[David's mind was too firmly fixed on God to be moved by the scoffs and raillery of a profane world. What he did, he did from principle. He regarded God's Law as a rule from which no trial whatever should induce him to depart. Not only would he not turn back from the path of duty; he would not turn aside from it, no, not for a moment. The more contemptuously he was treated by men, the more diligently he sought communion with his God, in the study of his blessed word, and in the exercise of fervent prayer 4. Hence, when he and his people were treated with the utmost possible scorn and derision, he could appeal to God in the following triumphant language: All this is come upon us; yet have we not forgotten thee, neither have we dealt falsely in thy covenant: our heart is not turned back; neither have our steps declined from thy ways?."]

And such, also, is the firmness which we should manifest

[It should be with us "a small matter to be judged of man's judgments." We should have but one object, and that is, to approve ourselves to God; and, having “ the testimony of our consciences that we have pleased him,” we should not lay to heart the displeasure of others, however contemptuously or virulently it may be displayed. Onward we should go in our destined path, not turning either to the right hand or to the left. If the whole world should deride us, we should not be induced either to do any thing which will offend our God, or to forbear any thing which will honour him. That they “ hate our light,” and are offended at it, is no reason at all why we should put it under a bushel:" whoever they may be, whether friends or foes, our reply to them should be, "I will yet be more vile than thus?."]

k 2 Pet. iii. 3—6. I Gen. xxi. 6. with Gal. iv. 29. m 2 Pet. ii. 7, 8. n 2 Kings ii. 23. o Jer. xx. 7. P Matt. xxvii. 39–44. 91 Cor. iv, 13. r John xv. 19. s Matt. x. 25.

ver. 23, 24.

u Ps. lxix. 13. * Ps. xliv. 13-18. with lxix. 20.

y 1 Cor. iv. 3.

Nor will this be very difficult, when once we have tasted of, III. The consolations he enjoyed

In the recollection of “God's judgments of old, he comforted himself"

[The term “ judgments" has in the Scriptures a great variety of meanings. In the psalm before us it seems to import the declarations and decisions of Jehovah. Now God, in his word, has abundantly declared that such treatment is to be expected, and that it is, to those who suffer it, a token for good: “ The just upright man is laughed to scorn. He that is ready to slip with his feet, is as a lamp despised in the thought of him that is at ease." A lamp burning bright in a dark place is an object of high regard; but when it is so burnt down that the flame is quivering on the wick, and almost extinct, it is regarded rather as an object of disgust. And such is the light in which even the best of worldly men are viewed, when once God is pleased to convert them to himself: they are no longer welcomed as friends to exhilarate and enliven their companions, but are lothed rather, as the bane of social happiness. In God's estimation, however, they are proportionably exalted; and are taught to consider “the reproach of Christ as greater riches than all the treasures of Egypth.” In the view of these things, the Psalmist" comforted himself;" saying, “Let thy tender mercies come unto me, that I may live: for thy Law is my delight. Let the proud be ashamed; for they dealt perversely with me without a cause: but I will meditate in thy precepts c."]

The same sources of comfort are ever open unto us also

[Our blessed Lord speaks of this treatment as the certain portion of all his people: “Ye shall be hated of all men, for my name's sake d.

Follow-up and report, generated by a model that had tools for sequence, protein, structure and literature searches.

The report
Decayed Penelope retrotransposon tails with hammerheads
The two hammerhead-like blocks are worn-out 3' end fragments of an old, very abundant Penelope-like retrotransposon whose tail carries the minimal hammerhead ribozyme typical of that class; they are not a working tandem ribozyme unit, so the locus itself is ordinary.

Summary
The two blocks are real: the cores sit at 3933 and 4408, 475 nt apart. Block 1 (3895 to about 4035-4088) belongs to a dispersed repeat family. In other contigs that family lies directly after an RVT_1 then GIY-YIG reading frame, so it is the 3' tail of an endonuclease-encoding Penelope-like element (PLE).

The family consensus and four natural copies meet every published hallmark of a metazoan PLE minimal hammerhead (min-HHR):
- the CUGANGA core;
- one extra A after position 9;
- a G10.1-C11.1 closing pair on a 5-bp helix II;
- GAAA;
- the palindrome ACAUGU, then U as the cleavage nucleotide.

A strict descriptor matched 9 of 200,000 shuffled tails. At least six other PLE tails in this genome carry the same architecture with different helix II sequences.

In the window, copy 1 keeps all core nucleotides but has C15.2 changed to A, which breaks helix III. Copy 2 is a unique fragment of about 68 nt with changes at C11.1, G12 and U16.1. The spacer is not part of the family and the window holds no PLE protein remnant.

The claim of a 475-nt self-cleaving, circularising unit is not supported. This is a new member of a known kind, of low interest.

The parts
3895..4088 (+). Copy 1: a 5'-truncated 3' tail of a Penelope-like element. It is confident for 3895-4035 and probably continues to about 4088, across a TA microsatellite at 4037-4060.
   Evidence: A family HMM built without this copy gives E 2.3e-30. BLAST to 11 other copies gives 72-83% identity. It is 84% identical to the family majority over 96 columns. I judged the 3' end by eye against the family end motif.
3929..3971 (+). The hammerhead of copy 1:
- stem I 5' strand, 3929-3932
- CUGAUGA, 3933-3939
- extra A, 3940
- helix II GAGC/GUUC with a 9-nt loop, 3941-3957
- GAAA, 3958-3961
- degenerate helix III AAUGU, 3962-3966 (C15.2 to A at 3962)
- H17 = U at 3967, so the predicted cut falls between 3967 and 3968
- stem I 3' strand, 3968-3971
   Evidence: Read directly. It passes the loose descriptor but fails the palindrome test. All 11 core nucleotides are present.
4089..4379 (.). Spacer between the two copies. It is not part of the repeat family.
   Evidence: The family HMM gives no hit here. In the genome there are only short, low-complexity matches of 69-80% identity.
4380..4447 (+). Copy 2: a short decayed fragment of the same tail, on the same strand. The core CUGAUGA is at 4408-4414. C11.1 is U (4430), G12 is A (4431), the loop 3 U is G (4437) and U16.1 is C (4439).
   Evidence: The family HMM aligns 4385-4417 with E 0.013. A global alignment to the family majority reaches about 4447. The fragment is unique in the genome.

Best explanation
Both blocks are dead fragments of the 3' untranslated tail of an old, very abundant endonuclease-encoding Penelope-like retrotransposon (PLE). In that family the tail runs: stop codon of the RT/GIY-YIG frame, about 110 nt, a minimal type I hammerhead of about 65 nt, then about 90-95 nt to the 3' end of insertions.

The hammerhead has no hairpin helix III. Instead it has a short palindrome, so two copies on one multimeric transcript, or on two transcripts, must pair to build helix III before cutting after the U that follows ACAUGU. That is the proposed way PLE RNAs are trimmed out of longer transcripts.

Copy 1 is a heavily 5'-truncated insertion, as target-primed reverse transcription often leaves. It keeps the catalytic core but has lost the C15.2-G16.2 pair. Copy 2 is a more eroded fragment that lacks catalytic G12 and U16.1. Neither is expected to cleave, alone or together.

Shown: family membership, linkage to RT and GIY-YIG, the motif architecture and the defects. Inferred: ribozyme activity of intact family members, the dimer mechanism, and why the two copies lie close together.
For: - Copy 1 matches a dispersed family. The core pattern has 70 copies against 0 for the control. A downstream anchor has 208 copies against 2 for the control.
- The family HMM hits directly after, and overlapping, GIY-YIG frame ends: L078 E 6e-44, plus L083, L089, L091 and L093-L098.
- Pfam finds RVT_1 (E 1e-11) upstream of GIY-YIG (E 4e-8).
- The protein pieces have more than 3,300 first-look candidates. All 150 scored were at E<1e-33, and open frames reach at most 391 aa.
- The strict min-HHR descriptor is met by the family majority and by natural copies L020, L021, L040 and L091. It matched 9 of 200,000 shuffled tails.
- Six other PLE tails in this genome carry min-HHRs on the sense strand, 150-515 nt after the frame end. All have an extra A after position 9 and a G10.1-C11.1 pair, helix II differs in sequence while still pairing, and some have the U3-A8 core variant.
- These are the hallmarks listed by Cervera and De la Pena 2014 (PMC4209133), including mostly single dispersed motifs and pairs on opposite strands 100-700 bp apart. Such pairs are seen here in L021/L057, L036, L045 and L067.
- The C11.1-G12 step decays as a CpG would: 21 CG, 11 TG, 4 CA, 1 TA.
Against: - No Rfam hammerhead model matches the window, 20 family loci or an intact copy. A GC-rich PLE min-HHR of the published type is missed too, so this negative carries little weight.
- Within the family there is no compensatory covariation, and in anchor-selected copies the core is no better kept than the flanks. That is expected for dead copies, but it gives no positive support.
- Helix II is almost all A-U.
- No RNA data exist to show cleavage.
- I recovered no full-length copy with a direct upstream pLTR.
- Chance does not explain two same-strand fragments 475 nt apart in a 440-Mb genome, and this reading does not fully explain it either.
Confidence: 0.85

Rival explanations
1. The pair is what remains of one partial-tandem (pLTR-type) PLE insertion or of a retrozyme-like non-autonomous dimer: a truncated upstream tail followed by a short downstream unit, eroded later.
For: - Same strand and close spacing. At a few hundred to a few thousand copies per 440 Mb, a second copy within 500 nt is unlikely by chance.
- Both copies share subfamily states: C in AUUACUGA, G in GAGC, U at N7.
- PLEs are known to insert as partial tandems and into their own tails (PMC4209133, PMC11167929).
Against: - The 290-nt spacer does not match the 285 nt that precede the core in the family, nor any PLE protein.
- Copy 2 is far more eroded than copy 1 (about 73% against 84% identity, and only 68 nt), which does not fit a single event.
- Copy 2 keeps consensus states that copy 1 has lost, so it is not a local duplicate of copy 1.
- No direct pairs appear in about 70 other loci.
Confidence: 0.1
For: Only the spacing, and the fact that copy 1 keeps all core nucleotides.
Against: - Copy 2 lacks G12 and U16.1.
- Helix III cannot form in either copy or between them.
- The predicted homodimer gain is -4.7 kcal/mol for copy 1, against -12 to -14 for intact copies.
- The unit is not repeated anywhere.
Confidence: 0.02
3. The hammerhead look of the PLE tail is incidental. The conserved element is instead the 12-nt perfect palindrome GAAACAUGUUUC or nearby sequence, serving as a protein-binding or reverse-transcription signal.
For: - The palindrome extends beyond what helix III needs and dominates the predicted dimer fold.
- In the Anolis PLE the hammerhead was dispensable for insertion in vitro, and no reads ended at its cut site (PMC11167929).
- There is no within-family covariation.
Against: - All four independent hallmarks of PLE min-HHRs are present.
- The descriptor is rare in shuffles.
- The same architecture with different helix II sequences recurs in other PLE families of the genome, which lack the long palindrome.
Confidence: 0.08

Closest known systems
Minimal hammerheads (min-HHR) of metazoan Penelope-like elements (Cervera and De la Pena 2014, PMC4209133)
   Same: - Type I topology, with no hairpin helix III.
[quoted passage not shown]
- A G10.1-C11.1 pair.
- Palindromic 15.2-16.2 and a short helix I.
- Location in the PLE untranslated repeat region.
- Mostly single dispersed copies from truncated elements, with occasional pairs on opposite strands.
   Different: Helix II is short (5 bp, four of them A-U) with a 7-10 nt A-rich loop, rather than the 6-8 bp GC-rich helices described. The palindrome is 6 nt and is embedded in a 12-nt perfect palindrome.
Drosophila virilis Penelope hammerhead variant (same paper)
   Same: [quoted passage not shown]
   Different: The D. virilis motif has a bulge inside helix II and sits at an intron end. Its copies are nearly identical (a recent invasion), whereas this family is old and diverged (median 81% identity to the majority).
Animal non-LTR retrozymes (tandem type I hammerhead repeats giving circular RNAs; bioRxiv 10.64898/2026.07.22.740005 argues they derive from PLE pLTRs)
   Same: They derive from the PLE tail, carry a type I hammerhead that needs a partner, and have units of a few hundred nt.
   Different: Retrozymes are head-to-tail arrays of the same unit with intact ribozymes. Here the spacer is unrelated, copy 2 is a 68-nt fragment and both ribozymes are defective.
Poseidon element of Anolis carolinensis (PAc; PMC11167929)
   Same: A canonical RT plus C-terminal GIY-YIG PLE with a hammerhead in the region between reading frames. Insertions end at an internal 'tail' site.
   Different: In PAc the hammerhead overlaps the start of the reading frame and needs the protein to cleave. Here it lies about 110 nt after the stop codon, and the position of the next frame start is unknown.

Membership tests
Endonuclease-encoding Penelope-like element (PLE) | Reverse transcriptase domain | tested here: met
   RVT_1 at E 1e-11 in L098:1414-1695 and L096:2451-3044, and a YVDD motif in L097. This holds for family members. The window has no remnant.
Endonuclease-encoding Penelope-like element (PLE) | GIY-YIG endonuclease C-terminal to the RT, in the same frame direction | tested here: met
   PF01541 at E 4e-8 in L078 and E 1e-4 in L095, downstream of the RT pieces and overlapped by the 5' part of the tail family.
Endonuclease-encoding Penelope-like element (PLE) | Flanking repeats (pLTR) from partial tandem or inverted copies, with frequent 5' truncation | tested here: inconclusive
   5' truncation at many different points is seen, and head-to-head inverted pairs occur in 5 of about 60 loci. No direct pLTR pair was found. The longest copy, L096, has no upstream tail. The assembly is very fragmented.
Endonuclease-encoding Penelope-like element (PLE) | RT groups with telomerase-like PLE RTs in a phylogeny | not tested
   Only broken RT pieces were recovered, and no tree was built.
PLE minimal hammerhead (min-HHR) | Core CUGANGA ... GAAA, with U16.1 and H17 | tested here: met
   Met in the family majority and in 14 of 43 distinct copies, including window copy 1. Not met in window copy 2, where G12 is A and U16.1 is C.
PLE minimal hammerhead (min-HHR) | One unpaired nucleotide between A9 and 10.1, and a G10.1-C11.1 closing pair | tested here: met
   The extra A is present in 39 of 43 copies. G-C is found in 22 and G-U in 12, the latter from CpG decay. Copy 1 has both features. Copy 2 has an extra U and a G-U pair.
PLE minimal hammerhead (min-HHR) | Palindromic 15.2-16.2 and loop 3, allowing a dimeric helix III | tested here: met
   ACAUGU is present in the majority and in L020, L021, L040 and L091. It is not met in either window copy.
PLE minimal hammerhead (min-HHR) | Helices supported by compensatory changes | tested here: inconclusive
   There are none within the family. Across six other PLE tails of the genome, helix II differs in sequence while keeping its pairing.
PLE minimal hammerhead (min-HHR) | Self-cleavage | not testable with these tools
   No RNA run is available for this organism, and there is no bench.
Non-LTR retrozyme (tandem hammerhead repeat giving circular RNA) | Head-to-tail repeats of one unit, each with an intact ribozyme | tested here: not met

And does he represent this as a matter for grief and sorrow? Far from it: he tells us rather to

z 2 Sam. vi. 22. a Job xii. 4, 5. b Heb. xi. 26. c ver. 77, 78.

d Matt. x. 22.

on the

“ rejoice and leap for joy, because great will be our reward in heaven" Besides, in these afflictions we are made "partakers of Christ's sufferings ;” and by means of them “ the Spirit of glory and of God is made more visibly and more abundantly to rest upon us : and though, part

of our enemies, God is evil spoken of and dishonoured, on our part he is glorified":" and, to crown the whole, we are assured, that, “ if we suffer thus with Christ, we shall also in due time be glorified together 8." And are not these declarations abundantly sufficient to comfort us, under all that we can be called to suffer for Christ's sake? No doubt they are: and, therefore, if we participate with David in his trials and his graces, we shall, both in this life and the next, be partakers also of his consolations.] LEARN, then, from this subject, 1. What expectations to form

[You must not dream of honour from man ; but be contented with the honour that cometh of God h

You must expect to go through “honour and dishonour, through evil report as well as good report i."] 2. What conduct to pursue

[Be not cast down when these trials come upon you; but submit to them, as sent of God for your good; and “rejoice that you are counted worthy to endure them for the Lord's

-] 3. What recompence to look for

[Be not anxious about the approbation of men, if only you may but approve yourselves to God. In a little time you will stand at his judgment-seat; and then you shall receive a testimony from him, and “ your righteousness shall appear as the noon-day.” If "the Lord Jesus do but confess you before his Father and his holy angels," it will be no grief to you that you have suffered for confessing him! A crown of righteousness and glory will be an ample recompence for all the hatred and contempt that an ungodly world could pour upon you.)

sake & "

e Matt. v. 10–12.
h John v. 44.
1 Matt. x. 32.

f 1 Pet. iv. 13, 14.
i 2 Cor. vi. 8.

& Rom. viii. 17. k Acts v. 41.

DCCIV. SERIOUS AND SPEEDY CONVERSION TO GOD RECOMMENDED. Ps. cxix. 59, 60. I thought on my ways, and turned my feet

unto thy testimonies. I made haste, and delayed not to keep thy commandments.